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People saving for a home among most at risk of financial catastrophe if they become ill or injured, analysis reveals

People with more than £16k in savings could lose 80% of their income if they were unable to work

The Association of British Insurers (ABI) has today revealed that prudent young people saving for a home are most at risk of suffering the largest financial loss if they were unable to work due to illness or injury.

The ABI’s analysis, using its income shock calculator ‘Percy’ found that someone with more than £16,000 saved up for a house deposit, who has no dependants and has not protected their income with insurance, stands to lose as much as 80% of their monthly take-home income. This is because anyone with more than £16,000 in savings is not entitled to support from Universal Credit when ill or injured, despite this being significantly lower than the UK’s average house deposit of £41,099*.

For someone earning £30,000, this is equal to a drop of more than £1,500 every single month, from £1,995 to just £389.

Further analysis shows that even those with children, or no savings at all, stand to lose around half their monthly take-home pay if their income isn’t protected against sudden shocks, raising concerns about affordability of rent, mortgage payments and other general living costs.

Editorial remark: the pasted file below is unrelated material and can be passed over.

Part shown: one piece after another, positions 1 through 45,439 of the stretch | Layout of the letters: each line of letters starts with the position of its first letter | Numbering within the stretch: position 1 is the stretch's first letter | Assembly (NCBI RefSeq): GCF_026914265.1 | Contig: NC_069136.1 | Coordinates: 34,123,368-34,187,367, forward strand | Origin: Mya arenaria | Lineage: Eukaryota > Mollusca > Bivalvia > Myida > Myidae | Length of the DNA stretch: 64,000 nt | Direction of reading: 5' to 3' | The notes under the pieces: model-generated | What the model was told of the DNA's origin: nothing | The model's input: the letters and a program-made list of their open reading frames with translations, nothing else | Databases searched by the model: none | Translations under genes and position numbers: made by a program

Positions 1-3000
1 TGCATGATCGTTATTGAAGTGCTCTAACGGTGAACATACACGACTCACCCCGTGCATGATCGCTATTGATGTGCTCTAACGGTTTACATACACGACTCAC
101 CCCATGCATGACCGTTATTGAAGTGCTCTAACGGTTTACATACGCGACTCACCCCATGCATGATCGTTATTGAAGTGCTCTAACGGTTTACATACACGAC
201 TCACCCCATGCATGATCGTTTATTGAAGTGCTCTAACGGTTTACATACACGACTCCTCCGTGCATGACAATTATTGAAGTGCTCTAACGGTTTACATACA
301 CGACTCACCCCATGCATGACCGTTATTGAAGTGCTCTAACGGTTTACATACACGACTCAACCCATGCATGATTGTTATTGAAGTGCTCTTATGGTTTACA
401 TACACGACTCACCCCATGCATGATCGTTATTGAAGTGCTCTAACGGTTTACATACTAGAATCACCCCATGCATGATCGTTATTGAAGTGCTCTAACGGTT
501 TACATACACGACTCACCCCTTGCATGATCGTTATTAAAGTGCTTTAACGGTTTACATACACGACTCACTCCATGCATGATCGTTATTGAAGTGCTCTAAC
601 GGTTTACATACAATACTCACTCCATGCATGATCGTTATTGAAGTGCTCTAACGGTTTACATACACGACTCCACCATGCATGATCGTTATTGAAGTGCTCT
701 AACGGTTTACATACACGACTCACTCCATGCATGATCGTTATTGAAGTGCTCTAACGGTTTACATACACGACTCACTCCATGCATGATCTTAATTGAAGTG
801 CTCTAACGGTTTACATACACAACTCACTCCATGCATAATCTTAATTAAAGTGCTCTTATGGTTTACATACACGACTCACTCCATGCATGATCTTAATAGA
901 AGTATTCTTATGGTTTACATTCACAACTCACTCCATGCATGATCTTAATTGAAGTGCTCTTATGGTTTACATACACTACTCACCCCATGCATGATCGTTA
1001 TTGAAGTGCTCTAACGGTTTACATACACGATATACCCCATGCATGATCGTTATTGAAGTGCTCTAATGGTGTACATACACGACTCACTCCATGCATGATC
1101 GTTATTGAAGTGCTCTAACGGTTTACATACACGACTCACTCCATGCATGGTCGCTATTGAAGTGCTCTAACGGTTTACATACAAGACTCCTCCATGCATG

The figures, sourced using the ABI’s new tool ‘Percy’ which analyses income shocks, demonstrate the difficulty that people could face if their income isn’t protected. Losing up to 80% of net pay would mean having to immediately rely on the cash they’d saved to buy their first home, potentially jeopardising their dreams of homeownership, because they do not qualify for Universal Credit.

Yvonne BraunYvonne Braun, Director of Long-Term Savings and Protection at the ABI, said: “Without the proper protections in place, many people face a financial catastrophe if they unexpectedly fall ill or are injured and are unable to work. This is particularly pronounced for younger people who have saved diligently for a house deposit as any savings above £16K wipe out their entitlement to Universal Credit, leaving them almost entirely reliant on their nest egg.

“Falling seriously ill, or indeed severely injuring yourself, can be incredibly stressful on its own, which is why we want to empower people to take action to ensure that they don’t also have to deal with financial worries at the same time.”


Impact of falling ill or being injured through the lifecourse


Children / dependents?



Gross household income


Monthly drop in income
after statutory sick pay
stops after 28 weeks

£ (Net)

Loss as a
proportion of household
income % (Net)


















Y x 2
















The chart above shows the journey one person could possibly go through as they build their savings, buy a home and start a family. They start off with a lower salary and a small amount of savings, which grows as they reach the age of 30 and now sits just above the £16,000 threshold for receiving any support through Universal Credit when ill or injured.